Migrating your talent data from old, outdated systems to new ones - whether that's an all-in-one, comprehensive solution or a "stack" of different applications - is an important step in modernizing and optimizing your organization's talent future. Including in your data management! Handily, in 2020 this migration task is no longer as complicated as it once was - and you will need to make a LOT fewer tradeoffs to get to your final goal.
In this post, we'll examine seven steps you and your organization can take to simplify the talent data migration process.
1. Integrate Your Business Team Into the Process
Before you begin, it's important to talk with your non-technical team members about the process. They may not be the ones implementing any changes, but they have been or will be responsible for handling the talent data being migrated - and they are the ones with the deep understanding of the business value of the data itself. For many of the considerations listed below, you may need to conduct targeted interviews to find out specifics like the quality of data stored, what type of information is being migrated, the needs and processes wrapped around data, and any other data-related issues.
Anyone within your organization who serves as a touchpoint for your talent data should have a voice in this process. This includes business , human resources, analytic and operational team members. Seek their guidance on issues such as what type of data your current platform has, what they'll need going forward, and what capabilities they'll need in accessing it. And don't forget to ask what they want to KNOW from data (via analytics and reporting) to help them make better decisions. Data isn't just about processes, it's also about decisions.
2. Build Your Data Migration Team for this Project
Build a team within your organization who possess a solid understanding of your current systems who can translate the data into your new platform. Have this team connect with the aforementioned non-technical team members as well. Having both sides communicate will lower the odds of you mismanaging your data - and lower the odds of your key stakeholders having regrets in the future.
Take an inventory of all the places you currently store talent data. This can include your customer-relationship management (CRM) tool, your applicant tracking software (ATS), internal and external job boards, your company's intranet, a range of spreadsheets and directories, and a huge range of other datasets that can have value. This ensures there is no gap in information migrated from your existing systems to your new platform.
It's also critical to ensure that the new platform to which you're migrating is capable of connecting all your existing systems - otherwise, the process may become complex and harder to manage as you move forward. Pick a versatile platform that doesn't need to fit your old systems exactly - it can accommodate multiple types of systems and data entry, ensuring nothing is lost.
Importantly, you do NOT need to migrate all your systems at once. It can be an iterative, adaptive process (assuming you have a data lake).
4. Check Your Data
Review your data to verify exactly what type of content you're transferring into the new system. Has your non-technical team identified any specific data categories as having greater levels of importance? Having one last quality assurance check of your data will help expedite the process later.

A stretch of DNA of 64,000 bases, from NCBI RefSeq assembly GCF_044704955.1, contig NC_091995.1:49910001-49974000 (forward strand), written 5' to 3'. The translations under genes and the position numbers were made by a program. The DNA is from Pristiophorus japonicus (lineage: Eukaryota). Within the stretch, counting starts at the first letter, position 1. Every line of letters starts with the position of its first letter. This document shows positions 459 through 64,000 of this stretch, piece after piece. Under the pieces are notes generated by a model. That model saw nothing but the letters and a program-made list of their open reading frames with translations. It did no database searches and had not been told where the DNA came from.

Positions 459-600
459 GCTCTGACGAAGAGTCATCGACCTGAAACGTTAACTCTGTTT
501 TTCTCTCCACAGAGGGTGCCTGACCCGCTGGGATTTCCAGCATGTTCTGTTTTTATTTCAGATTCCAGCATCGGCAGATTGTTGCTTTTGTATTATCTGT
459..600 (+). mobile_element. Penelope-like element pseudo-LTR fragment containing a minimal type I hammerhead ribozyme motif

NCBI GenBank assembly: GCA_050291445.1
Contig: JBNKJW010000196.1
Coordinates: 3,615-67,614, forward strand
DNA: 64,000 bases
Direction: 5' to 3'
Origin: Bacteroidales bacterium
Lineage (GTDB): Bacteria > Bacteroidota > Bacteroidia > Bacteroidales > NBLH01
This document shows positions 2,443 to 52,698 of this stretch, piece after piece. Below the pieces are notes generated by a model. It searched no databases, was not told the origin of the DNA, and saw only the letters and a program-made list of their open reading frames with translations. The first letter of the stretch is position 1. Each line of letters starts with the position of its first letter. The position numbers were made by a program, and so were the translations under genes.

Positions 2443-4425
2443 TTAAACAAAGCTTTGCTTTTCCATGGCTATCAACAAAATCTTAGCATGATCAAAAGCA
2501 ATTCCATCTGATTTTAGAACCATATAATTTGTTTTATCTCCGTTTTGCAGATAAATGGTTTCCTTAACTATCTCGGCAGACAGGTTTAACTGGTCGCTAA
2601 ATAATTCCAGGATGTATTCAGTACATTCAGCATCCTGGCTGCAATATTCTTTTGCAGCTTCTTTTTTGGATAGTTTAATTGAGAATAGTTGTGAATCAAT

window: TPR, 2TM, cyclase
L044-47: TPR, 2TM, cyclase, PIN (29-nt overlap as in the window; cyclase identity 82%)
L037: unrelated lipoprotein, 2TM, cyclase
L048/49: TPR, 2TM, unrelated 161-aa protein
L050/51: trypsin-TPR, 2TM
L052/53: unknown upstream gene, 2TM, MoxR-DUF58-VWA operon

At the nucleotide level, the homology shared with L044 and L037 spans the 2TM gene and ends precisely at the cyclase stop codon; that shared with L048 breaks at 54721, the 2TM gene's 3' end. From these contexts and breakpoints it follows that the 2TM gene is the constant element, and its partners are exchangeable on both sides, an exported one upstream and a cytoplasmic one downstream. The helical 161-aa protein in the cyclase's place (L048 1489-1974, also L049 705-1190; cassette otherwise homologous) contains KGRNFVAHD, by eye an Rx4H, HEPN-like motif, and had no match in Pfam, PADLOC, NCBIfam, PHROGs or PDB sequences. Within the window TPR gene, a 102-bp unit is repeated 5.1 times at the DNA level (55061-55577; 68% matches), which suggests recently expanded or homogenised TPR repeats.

The complexity level of your data can vary, which will impact your migration process. If the platform you're migrating to has an unsophisticated data structure, you may have to perform a heavy extract transform and load - but you actually don't have to. You can preserve and give users access to ALL your data while only technically moving part of it to your new system/s. Use to a platform that automates the process for you so you can avoid that, making the migration much more efficient.
5. Does Your Data Need Protecting?
How much of your data is confidential? How much of it is personally identifiable candidate information? If you're moving any confidential data at all, you'll need to ensure your process, your transmission mechanisms, and your new platform have the right security measures in place. While a data breach is unlikely, having it happen during the migration process could be incredibly costly to your operations. The time, money, and resources required for a full recovery could be significant.
6. Develop a Timeline and Then Make Your Team Aware
Set a realistic timeline for migration. Share this schedule with your entire team - meaning anyone who needs access to your new talent data management platform.
If there are any disruptions to the schedule, share these with your team as well. This helps you set reasonable expectations for completion and implementation and limits the number of surprises.
And don't forget to use a data lake so that if you DO want to change something later, it's easy to do so.
7. Make Sure Your Data Lake, Warehouse or Platform is the Right Fit
As you and your team consider the issues outlined above, the most critical part of the process is knowing your data is migrating to the right home. For example, will your new system give you the capability to keep and display your old data, staying constantly connected? Is your new system flexible enough to accept data from a wide variety of systems and give you the ability to continually access that data?
Your new platform should be a comprehensive solution that serves all of your talent data needs. Otherwise, a time-intensive migration process may not be worth the trouble.
SwoopTalent can help you with all your talent data migration solutions. Our platform contains the versatility and flexibility you need to connect all your old systems and continually display data from those systems on your new platform. You won't have to worry about losing any data. For more information, request a demo or contact us today!